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McCann says goodbye to Braves, No. 16

New York Yankees manager Joe Girardi, right, and new catcher Brian McCann pose during press conference at Yankees Stadium on Thursday Bronx, N.Y. (Photo: Noah K. Murray/USA Today Sports)

New York Yankees manager Joe Girardi, right, and new catcher Brian McCann pose during press conference at Yankees Stadium on Thursday Bronx, N.Y. (Photo: Noah K. Murray/USA Today Sports)

The pinstripes with the interlocking NY wasn’t the only new look for Brian McCann as he was introduced by the New York Yankees on Thursday in the Bronx.

On the back of McCann’s new uniform was No. 34 instead of the No. 16 he wore with the Atlanta Braves.

No. 16, worn by Hall of Fame pitcher Whitey Ford, is one of 15 numbers retired by the Yankees, so the switch was necessary.

It also signaled, though, McCann’s complete break from the past after nine season with his hometown team.

In words that probably won’t sit well with some Braves fans, the Duluth graduate and Suwanee resident made his excitement about joining the Yankees clear during a press conference televised live by the YES Network.

“To say this one of the best days of my life would be an understatement,” he said.

McCann, who turns 30 before next season, received a five-year, $85 million free agent contract with a vesting sixth season that would push the deal to $100 million. The annual salary of $17 million is the richest ever for a free agent catcher.

That was far more than the Braves were willing to commit and it was almost a certainty that the 2013 season — his seventh as a National League all-star — would be his last in Atlanta.

“I knew it was pretty much done there,” McCann said of his time with the Braves.

McCann, who had his second child in September, will maintain his home in Gwinnett County, but he is now a high-paid New Yorker the rest of the year.

“Once I came up here and visited, it was a no-brainer,” said McCann, who also had interest from Boston and Texas.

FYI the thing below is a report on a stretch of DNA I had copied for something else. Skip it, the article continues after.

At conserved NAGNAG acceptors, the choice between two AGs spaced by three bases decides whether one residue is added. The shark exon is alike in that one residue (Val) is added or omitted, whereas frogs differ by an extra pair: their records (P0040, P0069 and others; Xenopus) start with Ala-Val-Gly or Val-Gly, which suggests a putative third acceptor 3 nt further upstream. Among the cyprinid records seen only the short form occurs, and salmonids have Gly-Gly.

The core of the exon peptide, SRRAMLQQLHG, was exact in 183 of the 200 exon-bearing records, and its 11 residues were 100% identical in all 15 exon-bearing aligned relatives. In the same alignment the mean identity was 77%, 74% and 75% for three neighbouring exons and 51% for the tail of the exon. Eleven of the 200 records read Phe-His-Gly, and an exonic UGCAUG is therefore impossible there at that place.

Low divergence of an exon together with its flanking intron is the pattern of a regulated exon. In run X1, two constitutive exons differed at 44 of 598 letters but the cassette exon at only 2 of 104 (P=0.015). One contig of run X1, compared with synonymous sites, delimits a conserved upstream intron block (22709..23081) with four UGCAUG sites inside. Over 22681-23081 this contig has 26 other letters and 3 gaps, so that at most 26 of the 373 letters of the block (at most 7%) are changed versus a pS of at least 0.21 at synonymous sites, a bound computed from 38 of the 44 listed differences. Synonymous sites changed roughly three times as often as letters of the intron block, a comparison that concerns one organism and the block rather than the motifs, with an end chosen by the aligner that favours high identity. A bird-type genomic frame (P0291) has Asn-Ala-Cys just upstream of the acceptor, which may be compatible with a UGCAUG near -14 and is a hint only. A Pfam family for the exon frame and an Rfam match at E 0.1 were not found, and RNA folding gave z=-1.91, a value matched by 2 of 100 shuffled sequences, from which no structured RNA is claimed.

“We think we have the next great Yankees catcher here with us and we are very excited,” said manager Joe Girardi, a former catcher with the team.

McCann’s wife Ashley, also a Duluth graduate, attended the press conference at Yankee Stadium, as did parents Howard and Sherry and older brother Brad.

Not only will McCann be wearing No. 34 from now on, but so will son Colt, 2, and baby daughter Colby. They were presented Yankees mini-outfits by general manager Brian Cashman at the start of the media event.

The Yankees missed the playoffs for the first time since 1994 last season and have made a big splash in the offseason by signing McCann and agreeing to terms with Boston center fielder Jacoby Ellsbury, snatching him away from their rivals with a seven-year deal worth $153 million.

The Yankees still have to try to work out a deal to keep free agent second baseman Robinson Cano, though, and rebuild their pitching staff.

At least they are set behind the plate, a position where the Yankees have quite a legacy with names like Bill Dickey, Yogi Berra, Elston Howard and Thurman Munson.

“I hope to fall in line with all the great catchers and continue to build and win championships,” McCann said. “I think that’s why I’m here. I’m going to be a piece of the puzzle that’s going to help this team win championships.”